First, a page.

Don Draper, tussling about morality with his young, idealistic wife:
“People buy things because it makes them feel better!”
Oh my oh my oh my, yes it does:
Who cares about troubles at home when we can slink into this big, red, powerful, bullet of, ahem, happiness?
Over at Kritik, Caroline Levine wrote a lovely mediation on this episode’s “waltz” of circular repetition, replacement, and substitution. Second wives, second husbands, second careers, checks forged from an already-forged signature, and, of course, acting.
Terrifyingly, this episode of Mad Men implies a world where we endlessly repeat the roles and actions of others, fitting ourselves into vacant slots and worrying about being replaced, at any moment, by another. Each character, each act, is haunted by the constant threat of substitution. Every repetition suggests an ongoing pattern, like the third beat of the waltz named in the title of this episode: if there is a one, there is going to be a two and a three. Husband, wife, second wife; signature, repetition, forgery; chant, whisper, chant. In this context, Megan’s new choice of career seems more disturbing than ever. Acting lays bare the logic that drives everything else: the fear and the knowledge that every one of us moves through existing roles and scripts that write our very most intimate experiences into being.
Levine also reminds us that advertising works because it convinces us that, by buying the same product millions of others buy, we are uniquely ourselves. I heard that before, in David Foster Wallace’s “E Unibus Pluram.” And it’s true. Advertising offers a mass, group identity in substitution for our unique identity. And makes us want it. And makes us like it.
But the show has always valorized Don for pulling this con so beautifully, so many times. We let him off for his caddishness because he’s so GOOD at his job. (And he’s nice to black people.) And critics and commentators have been sad that Don seems so disengaged with his profession. And the episode’s most rousing moment was when Don delivered his St. Crispin’s Day speech to the confused staff, whose eyes shone as they applauded the news that they’ll be working weekends before, during, and after the holidays.
Certainly the alternatives to consumerism are nowhere near as appealing or powerful as Don’s Henry V act. Let’s break it down.
- Megan: can critique consumerism from her gilded tower, to the sly mockery of her husband and the angry jealousy of her friends.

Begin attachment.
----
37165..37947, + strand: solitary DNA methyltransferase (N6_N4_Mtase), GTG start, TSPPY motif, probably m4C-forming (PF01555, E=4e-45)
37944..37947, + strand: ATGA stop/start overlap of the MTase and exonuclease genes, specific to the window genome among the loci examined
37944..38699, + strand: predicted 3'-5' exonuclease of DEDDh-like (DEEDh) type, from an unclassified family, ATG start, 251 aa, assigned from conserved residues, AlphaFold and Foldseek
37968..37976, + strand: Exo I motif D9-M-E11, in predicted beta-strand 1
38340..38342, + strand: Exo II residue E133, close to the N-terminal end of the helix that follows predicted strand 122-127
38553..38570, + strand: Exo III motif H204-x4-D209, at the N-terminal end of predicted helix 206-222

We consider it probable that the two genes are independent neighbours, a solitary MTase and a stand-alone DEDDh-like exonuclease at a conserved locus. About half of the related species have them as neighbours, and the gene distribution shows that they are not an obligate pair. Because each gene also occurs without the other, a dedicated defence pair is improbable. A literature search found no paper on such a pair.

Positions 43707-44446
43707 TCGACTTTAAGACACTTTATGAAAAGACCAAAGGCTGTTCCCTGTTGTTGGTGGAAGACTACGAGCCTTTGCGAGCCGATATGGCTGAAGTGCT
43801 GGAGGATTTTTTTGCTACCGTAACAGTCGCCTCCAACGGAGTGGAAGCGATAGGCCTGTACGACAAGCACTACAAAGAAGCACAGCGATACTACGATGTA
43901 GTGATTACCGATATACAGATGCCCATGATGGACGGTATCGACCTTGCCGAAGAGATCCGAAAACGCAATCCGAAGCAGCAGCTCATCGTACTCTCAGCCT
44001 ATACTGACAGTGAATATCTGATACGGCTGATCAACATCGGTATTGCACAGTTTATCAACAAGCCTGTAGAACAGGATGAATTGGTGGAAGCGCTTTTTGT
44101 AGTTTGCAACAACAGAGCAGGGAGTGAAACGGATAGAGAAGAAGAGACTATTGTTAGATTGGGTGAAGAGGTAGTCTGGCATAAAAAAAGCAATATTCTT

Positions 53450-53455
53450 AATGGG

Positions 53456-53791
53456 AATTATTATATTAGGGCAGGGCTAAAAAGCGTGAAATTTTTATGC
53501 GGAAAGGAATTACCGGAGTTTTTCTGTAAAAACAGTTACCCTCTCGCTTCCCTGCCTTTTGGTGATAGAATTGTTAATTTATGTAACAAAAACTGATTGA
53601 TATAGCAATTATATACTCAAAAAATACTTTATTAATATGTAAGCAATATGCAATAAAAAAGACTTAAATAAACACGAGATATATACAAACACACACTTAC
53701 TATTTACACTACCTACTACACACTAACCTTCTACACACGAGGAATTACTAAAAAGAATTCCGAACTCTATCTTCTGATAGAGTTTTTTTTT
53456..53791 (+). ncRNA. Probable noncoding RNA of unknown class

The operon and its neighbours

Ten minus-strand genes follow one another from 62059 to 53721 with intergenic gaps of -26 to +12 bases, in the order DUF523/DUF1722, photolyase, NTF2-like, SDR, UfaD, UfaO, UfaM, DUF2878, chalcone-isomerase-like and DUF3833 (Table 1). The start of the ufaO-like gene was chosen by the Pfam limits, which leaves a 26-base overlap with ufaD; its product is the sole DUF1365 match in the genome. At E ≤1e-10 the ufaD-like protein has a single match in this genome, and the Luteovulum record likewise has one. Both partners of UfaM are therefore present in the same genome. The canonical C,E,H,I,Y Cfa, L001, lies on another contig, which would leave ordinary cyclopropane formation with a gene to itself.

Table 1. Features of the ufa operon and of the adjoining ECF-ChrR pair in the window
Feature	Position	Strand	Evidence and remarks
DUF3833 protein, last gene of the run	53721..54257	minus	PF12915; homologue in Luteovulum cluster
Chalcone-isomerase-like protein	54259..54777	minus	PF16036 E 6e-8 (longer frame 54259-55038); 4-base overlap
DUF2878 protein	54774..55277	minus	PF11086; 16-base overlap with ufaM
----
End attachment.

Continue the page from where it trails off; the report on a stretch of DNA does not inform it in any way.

- Kinsey: gave up material possessions to embrace Lord Krishna, but he a) can’t meditate properly, b) can’t get his guru to like him, and c) really would rather write for Star Trek, get married, and have babies.
- Mother Lakshmi: wants Kinsey to stay in Lord Krishna’s embrace because he’s their best salesman. And also, WHAT?!?!?!?
- Harry: Achieved the reward of meditation but doesn’t care.
- Off-Broadway play: Really? The TV makes you want to puke? As Don said, theater isn’t always about subtlety.
- Fiscally responsible, sober, modest Lane Price: HAH!!! (Though I keep thinking of Lane’s elderly father beating him to the ground with his cane. It hurts me that Lane is unable to live with dignity. His mistakes seem so preventable.)
So it seems that this show, which we thought was about the deadening effects of manipulative, profit-driven advertising, is really saying that yes yes yes, buying things makes you feel good. And yes, the work that Don and “the creatives” do is great for society.
The only genuine happiness on the show comes from Don and Joan pretending to shop for the sportscar, their actually wistful reminiscences about adultery and promiscuity, and Don’s rousing speechification about how great it is to work hard, ignore your family during the holidays, and land a car account. For a car that looks good but doesn’t work very well.
And in this light, Levine’s words are even more frightening: the paradoxical logic of advertising (This Ikea coffee table expresses exactly who I am!), which cheats us into buying a commodified sense of self and purpose, is the only way to be happy.
Because on this show, (ooo! watch for the flip!) the grand con of advertising is also good, honest work. Worky work work. Work makes us whole. Honest labor. Without it, we cannot live with dignity or purpose. It’s where Communism and capitalism agree: Work is the best way to be a dignified human.
Shout out if you took Intro to Sociology in college!
So it’s perhaps here where Mad Men is its most compelling: the old fashioned, honest labor that gives Peggy, Ginzo, Don, and Pete such satisfaction and personal wholeness is the same work that, when they are good at it, cons everyone else into trading in their selfhood for a new car. Or a flight on a doomed airline. Or some pantyhose.
Unless it’s no con at all, and that pantyhose really does make you whole.And your selfhood wasn’t worth much to begin with.
Like, social injustice, racism and sexism make people unhappy. All that is clearly wrong on Mad Men. Yay.
But pretending to buy a car to feel better about getting served with divorce papers at work? Reminded of your personal failures at the only place you feel safe? That works just fine. And that’s OK.